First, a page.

Brock already has a reputation for scientific research in superconductivity and neutron scattering. And now it has a PhD program in Physics to go with it.
A new program will launch this fall, drawing prospective graduate students wanting to work with Brock researchers. University researchers are particularly noted for their expertise in high-temperature superconductivity, which can potentially revolutionize power distribution.
Superconductivity is a way of conducting electricity with zero losses. It requires materials to be cooled to very low temperatures — below about -250 C. The dream for physicists in this field is to create superconductors at more accessible temperatures.
In 1986, Brock professors Fereidoon Razavi, Frans Koffyberg and Bozidar Mitrovic were the first researchers in Canada and second in the world to confirm the existence of a new ceramic material that became a superconductor at a record-high temperature. This discovery launched an entire new field of condensed-matter research.
“It was a legendary discovery for the university,” said Edward Sternin, chair of the Department of Physics. “Research like this is at the ultimate frontier of science, and confirms the high calibre of our faculty working in this and other areas. We’re pleased to be able to continue to train the next generation of highly-knowledgeable and skilled graduates in these fields.”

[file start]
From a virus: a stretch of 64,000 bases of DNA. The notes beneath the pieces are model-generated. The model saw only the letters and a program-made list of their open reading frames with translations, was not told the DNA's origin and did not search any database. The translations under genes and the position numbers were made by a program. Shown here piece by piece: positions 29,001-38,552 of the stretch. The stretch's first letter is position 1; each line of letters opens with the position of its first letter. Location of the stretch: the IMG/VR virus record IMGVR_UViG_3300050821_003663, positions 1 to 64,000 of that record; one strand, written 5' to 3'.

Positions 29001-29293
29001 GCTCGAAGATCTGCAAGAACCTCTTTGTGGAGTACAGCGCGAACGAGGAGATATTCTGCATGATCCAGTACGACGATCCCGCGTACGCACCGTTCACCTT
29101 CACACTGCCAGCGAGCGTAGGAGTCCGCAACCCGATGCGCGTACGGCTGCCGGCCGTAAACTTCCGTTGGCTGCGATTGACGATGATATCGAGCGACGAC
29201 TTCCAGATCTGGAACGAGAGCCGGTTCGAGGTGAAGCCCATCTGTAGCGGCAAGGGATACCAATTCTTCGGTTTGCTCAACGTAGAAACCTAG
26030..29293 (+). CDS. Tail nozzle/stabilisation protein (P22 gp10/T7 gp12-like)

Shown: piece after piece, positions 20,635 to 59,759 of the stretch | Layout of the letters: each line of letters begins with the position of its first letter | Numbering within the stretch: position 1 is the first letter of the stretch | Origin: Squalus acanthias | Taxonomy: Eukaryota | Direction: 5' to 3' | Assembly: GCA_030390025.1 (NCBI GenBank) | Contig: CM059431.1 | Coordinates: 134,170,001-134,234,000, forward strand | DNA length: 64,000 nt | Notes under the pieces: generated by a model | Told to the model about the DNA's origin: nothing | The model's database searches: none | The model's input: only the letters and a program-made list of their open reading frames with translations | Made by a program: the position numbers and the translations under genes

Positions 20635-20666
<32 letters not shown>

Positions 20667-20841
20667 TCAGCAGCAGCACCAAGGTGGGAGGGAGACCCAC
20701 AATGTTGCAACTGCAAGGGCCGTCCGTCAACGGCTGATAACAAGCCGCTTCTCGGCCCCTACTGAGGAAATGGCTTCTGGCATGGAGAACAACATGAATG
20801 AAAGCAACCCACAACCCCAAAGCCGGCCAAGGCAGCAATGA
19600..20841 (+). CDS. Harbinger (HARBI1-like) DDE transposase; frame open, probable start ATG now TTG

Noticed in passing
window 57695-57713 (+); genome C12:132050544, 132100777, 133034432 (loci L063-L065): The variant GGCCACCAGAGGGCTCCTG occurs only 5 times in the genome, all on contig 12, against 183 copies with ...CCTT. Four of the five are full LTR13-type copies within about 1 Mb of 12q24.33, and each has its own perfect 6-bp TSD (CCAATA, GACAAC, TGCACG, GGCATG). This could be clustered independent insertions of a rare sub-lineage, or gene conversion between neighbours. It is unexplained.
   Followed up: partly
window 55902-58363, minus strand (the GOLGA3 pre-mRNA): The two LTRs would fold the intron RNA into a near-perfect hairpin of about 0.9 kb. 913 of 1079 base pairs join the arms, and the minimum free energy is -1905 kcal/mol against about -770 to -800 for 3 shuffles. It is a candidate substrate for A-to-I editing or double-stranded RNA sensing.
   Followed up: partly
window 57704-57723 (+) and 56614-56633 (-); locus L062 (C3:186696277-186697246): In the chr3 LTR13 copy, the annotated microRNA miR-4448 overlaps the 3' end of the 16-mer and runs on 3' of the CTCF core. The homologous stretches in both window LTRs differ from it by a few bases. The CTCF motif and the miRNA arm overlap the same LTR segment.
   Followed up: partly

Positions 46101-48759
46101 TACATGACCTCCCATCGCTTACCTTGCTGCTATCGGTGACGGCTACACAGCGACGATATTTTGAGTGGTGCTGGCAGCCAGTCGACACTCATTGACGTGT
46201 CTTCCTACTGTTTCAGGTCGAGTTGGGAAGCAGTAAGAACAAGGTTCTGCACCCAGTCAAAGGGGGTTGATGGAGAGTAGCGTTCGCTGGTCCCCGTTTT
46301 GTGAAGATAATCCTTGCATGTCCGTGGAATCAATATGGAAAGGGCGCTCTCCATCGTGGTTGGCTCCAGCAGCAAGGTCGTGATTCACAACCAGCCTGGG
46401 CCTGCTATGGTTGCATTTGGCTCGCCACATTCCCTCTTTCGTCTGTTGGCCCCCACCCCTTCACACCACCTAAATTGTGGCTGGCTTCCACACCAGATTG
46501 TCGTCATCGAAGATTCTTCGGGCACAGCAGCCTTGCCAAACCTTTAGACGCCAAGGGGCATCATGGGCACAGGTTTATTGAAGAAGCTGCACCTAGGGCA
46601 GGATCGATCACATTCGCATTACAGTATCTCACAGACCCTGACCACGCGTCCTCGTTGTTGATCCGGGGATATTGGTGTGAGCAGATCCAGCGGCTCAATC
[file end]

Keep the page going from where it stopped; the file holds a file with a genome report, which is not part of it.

The new program — the seventh PhD program at Brock — is now accepting applications for September. Students have the option of pursuing one of three fields: theoretical physics, experimental condensed-matter physics and materials science, and biophysics.
Neutron scattering, a scientific tool that has far-reaching implications for Canada’s industrial and scientific competitiveness, is another highlight of the program.
Associate professor Thad Harroun is a leading expert in neutron scattering. One of the first students to be accepted into the PhD program will work directly under his supervision in biophysics — the science of life as measured or probed by beams of neutrons.
Harroun is recognized worldwide for his work in this area and is involved in the Canadian Institute for Neutron Scattering, an organization of academic and industry researchers. Brock has strong connections to the National Research Universal Reactor at Chalk River and students regularly travel to the facility to conduct experiments.
“This is a great example of Brock tailoring its offerings to meet the needs and research interests of our students,” said Marilyn Rose, Dean of Graduate Studies. “We received many requests about PhD-level studies here at Brock, given our institution’s reputation for leading-edge research in this scientific field. And we’re pleased to be able to provide them with the opportunity to work alongside our world-class researchers.”